She didn't like to be quiet for a long time during campfire to listen to very long stories, but really liked the yummy dessert for lunch.
First, Tim wasn't too stoked to go camping for a week with hippies and compost toilets and no electronics. Duh. Teenager. When we got to camp he was concerned he wouldn't fit in as everyone his age seemed to already know each other pretty well. So for the first day and a half he was reluctant to have any fun and spent most of his time in Willie, our VW bus, reading Percy Jackson, counting the hours he would go home again to his geeky friends and Magic Cards.
He was the second youngest in the teen group (13 to 18 year olds). They played some games, some involving throwing pine cones, to get to know each other. Still he was reluctant to give in to the fun.
On Wednesday the group was sent off in a ceremony where parents sat behind the teens in a circle around the fire and lots of wisdom was shared. They went backpacking for 2 nights, hiking about 2 hours down the hill to a beach on the bottom of Mt. Tuam. Tim found a cozy spot to put his sleeping bag on some moss in the middle of a nice clearing with his new friend Isaac while all other teens slept in the connected clearing downhill nearby.
After dinner the boys made a fire pit for the girls, and the girls made a fire pit for the boys. Elders came and shared some stories about peacemaking. Tim went down to the ocean to watch the stars and was delighted to see some cool bioluminescence in the water. It was a little hard to fall asleep listening to all the mosquitos, but he figuring out how to zip up the hood of the sleeping bag only have a small breathing hole with little room for attacks facing the moss.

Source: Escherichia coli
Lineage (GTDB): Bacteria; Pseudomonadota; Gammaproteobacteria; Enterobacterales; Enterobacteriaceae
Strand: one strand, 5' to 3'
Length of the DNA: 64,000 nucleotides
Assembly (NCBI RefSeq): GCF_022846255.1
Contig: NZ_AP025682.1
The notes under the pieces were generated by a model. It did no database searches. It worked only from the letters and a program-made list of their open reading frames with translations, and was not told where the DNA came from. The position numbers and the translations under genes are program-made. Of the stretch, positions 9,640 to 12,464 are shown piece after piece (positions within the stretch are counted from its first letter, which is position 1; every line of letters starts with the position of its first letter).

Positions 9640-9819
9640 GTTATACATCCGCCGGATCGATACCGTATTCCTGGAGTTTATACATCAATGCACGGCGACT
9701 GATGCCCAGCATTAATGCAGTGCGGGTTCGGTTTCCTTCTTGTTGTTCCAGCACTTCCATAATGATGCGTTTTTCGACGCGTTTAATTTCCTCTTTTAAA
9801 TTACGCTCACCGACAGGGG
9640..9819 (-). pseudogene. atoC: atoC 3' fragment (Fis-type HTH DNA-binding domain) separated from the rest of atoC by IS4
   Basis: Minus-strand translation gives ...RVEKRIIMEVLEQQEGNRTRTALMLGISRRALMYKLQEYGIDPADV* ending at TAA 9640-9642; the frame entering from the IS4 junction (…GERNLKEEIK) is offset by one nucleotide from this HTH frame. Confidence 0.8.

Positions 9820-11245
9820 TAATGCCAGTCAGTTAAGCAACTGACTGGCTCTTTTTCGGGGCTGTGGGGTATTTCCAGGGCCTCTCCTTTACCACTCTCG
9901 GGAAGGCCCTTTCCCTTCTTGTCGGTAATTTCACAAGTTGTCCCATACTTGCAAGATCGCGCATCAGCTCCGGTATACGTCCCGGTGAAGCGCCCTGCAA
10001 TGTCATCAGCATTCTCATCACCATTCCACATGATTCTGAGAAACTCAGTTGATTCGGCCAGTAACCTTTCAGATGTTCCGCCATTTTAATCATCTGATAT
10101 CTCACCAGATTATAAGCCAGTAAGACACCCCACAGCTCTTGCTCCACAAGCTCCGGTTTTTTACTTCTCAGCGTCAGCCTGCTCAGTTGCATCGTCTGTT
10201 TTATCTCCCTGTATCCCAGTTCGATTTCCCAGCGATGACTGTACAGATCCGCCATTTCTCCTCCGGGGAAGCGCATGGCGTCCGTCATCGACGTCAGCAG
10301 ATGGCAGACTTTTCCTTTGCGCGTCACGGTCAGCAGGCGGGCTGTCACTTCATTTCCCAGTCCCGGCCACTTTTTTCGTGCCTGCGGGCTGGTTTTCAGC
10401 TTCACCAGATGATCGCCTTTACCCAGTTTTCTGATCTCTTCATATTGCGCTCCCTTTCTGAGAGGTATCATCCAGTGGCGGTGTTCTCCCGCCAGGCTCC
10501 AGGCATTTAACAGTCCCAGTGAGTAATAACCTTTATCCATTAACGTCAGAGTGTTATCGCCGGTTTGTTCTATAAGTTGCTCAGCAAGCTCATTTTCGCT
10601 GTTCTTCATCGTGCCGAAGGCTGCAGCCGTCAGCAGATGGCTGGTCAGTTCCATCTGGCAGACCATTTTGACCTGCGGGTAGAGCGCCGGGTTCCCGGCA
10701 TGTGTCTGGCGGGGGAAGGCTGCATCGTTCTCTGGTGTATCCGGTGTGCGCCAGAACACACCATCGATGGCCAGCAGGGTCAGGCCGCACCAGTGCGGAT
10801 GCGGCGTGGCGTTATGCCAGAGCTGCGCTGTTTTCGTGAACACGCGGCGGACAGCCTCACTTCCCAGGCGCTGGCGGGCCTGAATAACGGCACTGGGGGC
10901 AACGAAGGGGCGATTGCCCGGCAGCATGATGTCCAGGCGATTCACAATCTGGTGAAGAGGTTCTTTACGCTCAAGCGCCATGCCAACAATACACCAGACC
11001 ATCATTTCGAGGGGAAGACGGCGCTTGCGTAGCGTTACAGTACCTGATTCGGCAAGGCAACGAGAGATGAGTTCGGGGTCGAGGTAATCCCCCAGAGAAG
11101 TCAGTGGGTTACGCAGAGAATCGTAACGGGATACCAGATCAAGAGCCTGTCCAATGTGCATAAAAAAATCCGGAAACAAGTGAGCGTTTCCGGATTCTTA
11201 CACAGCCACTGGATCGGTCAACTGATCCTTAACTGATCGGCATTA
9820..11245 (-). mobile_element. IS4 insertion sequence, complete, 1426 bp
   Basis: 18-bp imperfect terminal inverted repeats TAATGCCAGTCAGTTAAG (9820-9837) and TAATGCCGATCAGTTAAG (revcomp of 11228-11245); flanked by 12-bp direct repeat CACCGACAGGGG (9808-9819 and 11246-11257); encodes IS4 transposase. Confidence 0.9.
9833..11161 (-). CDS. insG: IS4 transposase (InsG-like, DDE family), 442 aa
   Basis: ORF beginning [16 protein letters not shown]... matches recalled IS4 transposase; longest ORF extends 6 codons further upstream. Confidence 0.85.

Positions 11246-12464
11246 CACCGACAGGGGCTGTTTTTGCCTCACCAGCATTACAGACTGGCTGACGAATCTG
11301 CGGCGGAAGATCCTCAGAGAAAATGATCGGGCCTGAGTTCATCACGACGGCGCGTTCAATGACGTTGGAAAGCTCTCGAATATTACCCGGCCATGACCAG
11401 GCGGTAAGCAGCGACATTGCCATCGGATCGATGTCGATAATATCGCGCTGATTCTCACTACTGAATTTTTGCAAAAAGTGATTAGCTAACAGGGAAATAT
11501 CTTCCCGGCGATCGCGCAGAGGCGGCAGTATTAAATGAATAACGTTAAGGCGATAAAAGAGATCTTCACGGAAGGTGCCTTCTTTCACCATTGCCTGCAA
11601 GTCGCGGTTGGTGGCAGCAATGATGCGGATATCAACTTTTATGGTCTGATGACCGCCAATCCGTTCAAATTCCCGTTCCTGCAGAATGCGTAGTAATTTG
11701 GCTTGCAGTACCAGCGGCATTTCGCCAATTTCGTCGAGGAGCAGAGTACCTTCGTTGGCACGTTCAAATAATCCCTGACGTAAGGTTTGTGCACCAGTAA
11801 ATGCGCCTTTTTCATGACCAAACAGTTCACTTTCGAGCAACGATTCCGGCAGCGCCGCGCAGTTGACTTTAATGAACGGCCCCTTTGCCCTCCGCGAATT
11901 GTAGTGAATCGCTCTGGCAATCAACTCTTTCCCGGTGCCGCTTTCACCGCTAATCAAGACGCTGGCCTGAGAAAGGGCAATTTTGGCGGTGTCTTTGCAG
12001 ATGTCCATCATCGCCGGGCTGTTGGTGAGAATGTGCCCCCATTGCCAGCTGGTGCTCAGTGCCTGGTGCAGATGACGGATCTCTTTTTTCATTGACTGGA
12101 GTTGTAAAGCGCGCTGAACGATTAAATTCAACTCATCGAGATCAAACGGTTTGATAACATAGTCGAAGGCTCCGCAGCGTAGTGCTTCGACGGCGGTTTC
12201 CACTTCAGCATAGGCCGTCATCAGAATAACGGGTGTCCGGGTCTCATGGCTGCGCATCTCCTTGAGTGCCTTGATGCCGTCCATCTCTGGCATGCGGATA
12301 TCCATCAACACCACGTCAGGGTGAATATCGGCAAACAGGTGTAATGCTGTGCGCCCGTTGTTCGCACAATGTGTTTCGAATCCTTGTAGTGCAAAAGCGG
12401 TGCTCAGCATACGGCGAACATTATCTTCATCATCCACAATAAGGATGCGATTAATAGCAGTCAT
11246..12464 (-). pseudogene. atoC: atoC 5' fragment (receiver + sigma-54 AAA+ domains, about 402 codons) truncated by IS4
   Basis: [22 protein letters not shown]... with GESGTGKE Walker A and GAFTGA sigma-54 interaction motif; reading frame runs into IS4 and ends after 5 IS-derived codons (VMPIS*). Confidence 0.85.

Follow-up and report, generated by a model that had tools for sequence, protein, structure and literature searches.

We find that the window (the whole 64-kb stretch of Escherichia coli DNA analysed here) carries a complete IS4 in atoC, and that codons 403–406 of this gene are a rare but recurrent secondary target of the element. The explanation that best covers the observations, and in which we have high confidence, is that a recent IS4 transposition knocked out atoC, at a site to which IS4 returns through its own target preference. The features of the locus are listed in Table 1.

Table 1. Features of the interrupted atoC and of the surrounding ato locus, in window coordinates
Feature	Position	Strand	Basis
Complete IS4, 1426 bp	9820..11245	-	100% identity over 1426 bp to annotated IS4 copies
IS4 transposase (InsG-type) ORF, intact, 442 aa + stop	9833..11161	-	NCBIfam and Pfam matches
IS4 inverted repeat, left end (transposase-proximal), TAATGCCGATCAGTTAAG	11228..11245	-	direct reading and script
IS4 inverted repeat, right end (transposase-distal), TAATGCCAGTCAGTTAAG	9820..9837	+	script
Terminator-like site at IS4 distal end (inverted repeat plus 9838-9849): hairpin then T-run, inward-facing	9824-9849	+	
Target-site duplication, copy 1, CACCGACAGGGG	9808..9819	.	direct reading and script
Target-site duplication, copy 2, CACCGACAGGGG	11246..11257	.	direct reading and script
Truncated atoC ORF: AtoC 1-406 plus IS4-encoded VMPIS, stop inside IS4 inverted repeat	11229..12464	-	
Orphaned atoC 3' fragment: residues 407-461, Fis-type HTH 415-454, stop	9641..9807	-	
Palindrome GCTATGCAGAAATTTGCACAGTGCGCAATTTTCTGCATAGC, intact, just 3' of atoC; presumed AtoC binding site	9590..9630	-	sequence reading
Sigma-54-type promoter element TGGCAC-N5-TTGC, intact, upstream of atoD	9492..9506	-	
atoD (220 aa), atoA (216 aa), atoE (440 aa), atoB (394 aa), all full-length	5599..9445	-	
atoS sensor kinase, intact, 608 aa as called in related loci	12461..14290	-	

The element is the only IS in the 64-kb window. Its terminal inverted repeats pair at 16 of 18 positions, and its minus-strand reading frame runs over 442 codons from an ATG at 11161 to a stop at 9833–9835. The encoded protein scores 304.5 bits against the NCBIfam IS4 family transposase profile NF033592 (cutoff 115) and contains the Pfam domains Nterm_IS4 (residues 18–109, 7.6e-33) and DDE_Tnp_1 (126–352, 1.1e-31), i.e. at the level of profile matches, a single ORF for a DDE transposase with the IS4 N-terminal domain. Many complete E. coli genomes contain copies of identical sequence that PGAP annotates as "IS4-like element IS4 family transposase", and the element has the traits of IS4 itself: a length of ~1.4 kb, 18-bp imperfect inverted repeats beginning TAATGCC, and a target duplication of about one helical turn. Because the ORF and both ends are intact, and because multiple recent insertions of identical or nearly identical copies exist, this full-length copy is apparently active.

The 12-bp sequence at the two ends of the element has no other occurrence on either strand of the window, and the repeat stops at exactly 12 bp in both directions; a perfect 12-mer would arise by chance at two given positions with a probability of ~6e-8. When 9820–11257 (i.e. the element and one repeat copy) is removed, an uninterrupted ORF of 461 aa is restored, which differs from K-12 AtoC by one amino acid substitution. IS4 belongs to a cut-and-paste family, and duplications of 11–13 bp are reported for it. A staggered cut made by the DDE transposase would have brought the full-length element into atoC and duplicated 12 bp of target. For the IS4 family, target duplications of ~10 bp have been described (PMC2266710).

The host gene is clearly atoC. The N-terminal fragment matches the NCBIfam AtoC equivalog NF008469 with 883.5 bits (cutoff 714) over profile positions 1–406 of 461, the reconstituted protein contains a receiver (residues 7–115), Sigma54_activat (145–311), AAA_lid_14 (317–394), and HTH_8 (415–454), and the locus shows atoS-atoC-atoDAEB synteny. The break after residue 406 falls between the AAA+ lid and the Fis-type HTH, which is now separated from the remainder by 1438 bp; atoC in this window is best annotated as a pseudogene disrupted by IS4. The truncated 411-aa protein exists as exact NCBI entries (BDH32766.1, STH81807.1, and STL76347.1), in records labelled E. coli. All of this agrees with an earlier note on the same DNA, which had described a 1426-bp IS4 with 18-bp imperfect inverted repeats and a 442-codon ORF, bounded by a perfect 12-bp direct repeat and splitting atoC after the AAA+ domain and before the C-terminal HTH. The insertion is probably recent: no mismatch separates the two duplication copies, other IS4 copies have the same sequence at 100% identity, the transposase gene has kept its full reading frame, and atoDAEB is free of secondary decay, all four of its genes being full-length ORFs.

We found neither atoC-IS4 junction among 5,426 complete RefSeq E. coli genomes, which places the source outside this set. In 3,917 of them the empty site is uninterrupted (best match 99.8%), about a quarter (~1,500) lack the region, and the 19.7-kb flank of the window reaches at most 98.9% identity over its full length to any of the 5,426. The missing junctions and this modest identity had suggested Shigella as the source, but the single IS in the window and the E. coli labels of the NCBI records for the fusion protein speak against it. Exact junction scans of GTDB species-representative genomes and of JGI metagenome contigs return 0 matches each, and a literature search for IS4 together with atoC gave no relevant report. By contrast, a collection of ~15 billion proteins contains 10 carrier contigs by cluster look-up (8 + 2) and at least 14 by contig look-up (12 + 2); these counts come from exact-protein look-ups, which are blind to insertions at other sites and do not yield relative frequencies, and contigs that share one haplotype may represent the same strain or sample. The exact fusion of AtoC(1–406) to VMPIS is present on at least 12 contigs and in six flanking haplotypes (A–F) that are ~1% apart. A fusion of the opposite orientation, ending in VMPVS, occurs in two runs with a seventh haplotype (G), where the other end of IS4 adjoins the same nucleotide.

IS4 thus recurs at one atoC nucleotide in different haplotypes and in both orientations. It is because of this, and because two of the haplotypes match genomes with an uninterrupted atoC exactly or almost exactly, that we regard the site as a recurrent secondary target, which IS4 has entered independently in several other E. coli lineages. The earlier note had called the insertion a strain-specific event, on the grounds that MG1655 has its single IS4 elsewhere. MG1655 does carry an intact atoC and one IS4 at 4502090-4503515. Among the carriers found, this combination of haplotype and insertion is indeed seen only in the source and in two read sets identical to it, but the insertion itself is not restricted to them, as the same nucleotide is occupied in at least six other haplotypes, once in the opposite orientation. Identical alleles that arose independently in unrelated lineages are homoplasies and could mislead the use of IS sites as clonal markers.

Woken by the instructors songs in the morning the group went down to the water do find a sitspot. Tim cautiously watched two wasps (ancestors) curiously checking him out and then trying to land on his arms and legs, which was slightly distracting from a good meditation in nature.
The rest of the day was spent with digging clams, throwing rocks, catching crabs and sea urchins, swimming, building a raft, and chilling at the beach. A group wanted to take the raft over to a nearby island, but failed miserably as the logs came apart right after leaving. They still journeyed over and had to swim back all the way.
At night the group shared stories of the day and favorite moments around the fire. The second night went pretty well as well after figuring out how to deal with these pesky mosquitos.
The morning was spent with ninja tag with clothespins before hiking back up the hill.
After lunch in the forest Tim's teen group was welcomed back to the hearth by everyone in the village:
Home I am going. Home I am going. I need a place to call my home.
Take me home. Take me home. Over the green green hills and far away.
Tim got a good hug from Mom and Dad and some yummy lemon cake from Heidi.
After his adventure he spent most of his time with his new friends and very rarely any time with his parents.
This message was shared with Mayor Durkan and the City Council
I just attended the UW Urban Forest conference and learnt how we desperately need to increase Seattle's tree canopy to at least 40 % as fast as possible to prevent the temperatures steadily rising in the City as development is not absorbing the heat.